"These are spots in your feast of charity, when they feast with you, feeding themselves without fear: clouds they are without water, carried about of winds; trees whose fruit withereth, without fruit, twice dead, plucked up by the roots; raging waves of the sea, foaming out their own shame; wandering stars, to whom is reserved the blackness of darkness for ever." (Jude 11-13).Certainly a warning to those in Paul's and Jude's time, but no less a warning to us today!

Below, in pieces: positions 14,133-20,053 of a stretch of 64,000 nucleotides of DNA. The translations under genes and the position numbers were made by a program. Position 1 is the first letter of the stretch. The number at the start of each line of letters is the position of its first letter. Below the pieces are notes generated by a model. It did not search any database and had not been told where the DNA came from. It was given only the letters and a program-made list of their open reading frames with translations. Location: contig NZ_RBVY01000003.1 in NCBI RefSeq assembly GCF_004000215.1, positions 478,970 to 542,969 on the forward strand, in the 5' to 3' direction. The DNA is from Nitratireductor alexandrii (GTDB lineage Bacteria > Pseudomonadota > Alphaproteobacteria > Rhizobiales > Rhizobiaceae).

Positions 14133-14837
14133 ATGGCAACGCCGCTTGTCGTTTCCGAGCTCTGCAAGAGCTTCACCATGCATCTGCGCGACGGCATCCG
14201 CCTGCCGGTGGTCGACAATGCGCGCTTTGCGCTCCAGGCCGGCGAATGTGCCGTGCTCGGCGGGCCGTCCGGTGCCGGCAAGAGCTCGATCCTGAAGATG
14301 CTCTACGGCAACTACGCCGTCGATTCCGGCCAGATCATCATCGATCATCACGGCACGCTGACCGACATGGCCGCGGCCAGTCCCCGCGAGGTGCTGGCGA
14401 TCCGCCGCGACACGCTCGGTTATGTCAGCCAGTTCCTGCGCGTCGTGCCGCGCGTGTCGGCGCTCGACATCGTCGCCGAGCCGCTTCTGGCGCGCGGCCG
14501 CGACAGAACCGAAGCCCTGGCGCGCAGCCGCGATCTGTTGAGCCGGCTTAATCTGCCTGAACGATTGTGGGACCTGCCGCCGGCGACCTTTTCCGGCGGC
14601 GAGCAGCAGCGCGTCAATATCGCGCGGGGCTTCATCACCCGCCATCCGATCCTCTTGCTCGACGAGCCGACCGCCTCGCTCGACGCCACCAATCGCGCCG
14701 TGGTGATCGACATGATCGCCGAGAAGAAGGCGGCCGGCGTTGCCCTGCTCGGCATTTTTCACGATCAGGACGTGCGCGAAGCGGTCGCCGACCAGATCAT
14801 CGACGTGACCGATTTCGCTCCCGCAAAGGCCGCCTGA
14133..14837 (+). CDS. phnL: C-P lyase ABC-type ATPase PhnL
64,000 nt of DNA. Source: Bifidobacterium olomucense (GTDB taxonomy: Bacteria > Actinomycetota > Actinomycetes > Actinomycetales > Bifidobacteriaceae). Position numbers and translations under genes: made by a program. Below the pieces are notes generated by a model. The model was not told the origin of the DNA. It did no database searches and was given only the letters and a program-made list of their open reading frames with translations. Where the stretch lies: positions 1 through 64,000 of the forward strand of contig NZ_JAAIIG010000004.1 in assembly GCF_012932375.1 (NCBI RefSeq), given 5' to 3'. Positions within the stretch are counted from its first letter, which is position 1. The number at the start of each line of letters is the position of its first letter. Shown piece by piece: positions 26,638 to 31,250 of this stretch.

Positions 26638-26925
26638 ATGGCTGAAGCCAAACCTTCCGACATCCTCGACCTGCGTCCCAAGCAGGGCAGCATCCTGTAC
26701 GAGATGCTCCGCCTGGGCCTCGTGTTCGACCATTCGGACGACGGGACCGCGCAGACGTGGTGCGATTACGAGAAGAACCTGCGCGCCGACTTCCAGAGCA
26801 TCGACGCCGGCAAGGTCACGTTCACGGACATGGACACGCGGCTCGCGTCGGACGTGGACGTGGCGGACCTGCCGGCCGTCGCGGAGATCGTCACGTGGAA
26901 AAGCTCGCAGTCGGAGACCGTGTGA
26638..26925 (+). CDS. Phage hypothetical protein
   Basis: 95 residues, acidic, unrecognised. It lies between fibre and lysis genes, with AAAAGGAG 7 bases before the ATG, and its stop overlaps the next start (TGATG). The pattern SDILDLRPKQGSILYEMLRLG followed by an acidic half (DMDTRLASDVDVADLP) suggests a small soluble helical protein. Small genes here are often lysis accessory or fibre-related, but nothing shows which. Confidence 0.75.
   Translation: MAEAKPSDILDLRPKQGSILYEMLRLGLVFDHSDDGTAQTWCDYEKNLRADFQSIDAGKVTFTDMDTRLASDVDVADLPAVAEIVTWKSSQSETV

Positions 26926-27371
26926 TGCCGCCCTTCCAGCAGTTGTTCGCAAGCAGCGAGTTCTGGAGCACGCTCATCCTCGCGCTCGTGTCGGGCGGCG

"Chrysostom, in his homily on the martyrs of Egypt, says: 'The bodies of those saints fortify the city more effectually for us than impregnable walls of adamant; and like towering rocks placed around on every side, repel not only the assaults of enemies that are visible, but the insidious stratagems also of invisible demons, and counteract and defeat every artifice of the devil as a strong man overturns the toys of children'. The Greeks and Latins made the most of these wonderful martyrs. Believing in ghosts, or disembodied human spirits, they proclaimed the translation of their shades to heaven to act as mediators and intercessors with the Virgin and her Son; but kept their bones and dust in church-shrines to protect, defend, or guard them from all enemies, demons, and other evils to which the flesh is subject. Speaking of these times of intense superstition, Gibbon says: 'The Christians of the seventh century had insensibly relapsed into a semblance of paganism; their public and private vows were addressed to the relics and images that disgraced the temples of the east; the throne of the Almighty was darkened by a cloud of martyrs, saints, and angels, the objects of popular veneration; and the Collyridian heretics, who flourished in the fruitful soil of Arabia, invested the Virgin Mary with the name and honours of a goddess'." (Exposition of Daniel, p. 62; see the entire sections, "A God of Guardians" and "Guardian's Bazaars", pp.61-70.)Some would translate this last phrase of v 1 as "doctrines taught by demons" (NIV), thus making it virtually equivalent to the preceding "seducing spirits". There is no difficulty in accepting such a translation when it is recognized that "demons" are in reality men who are possessed -- by the "demons" of mental illness and delusion. In a very real sense, men who imagine and teach the existence of disembodied spirits may become that which they worship -- demonizing and seducing "spirits" who corrupt others. It was said of the false gods in David's day, that "they that make them are like unto them; so is every one that trusteth in them" (Psa 115:8).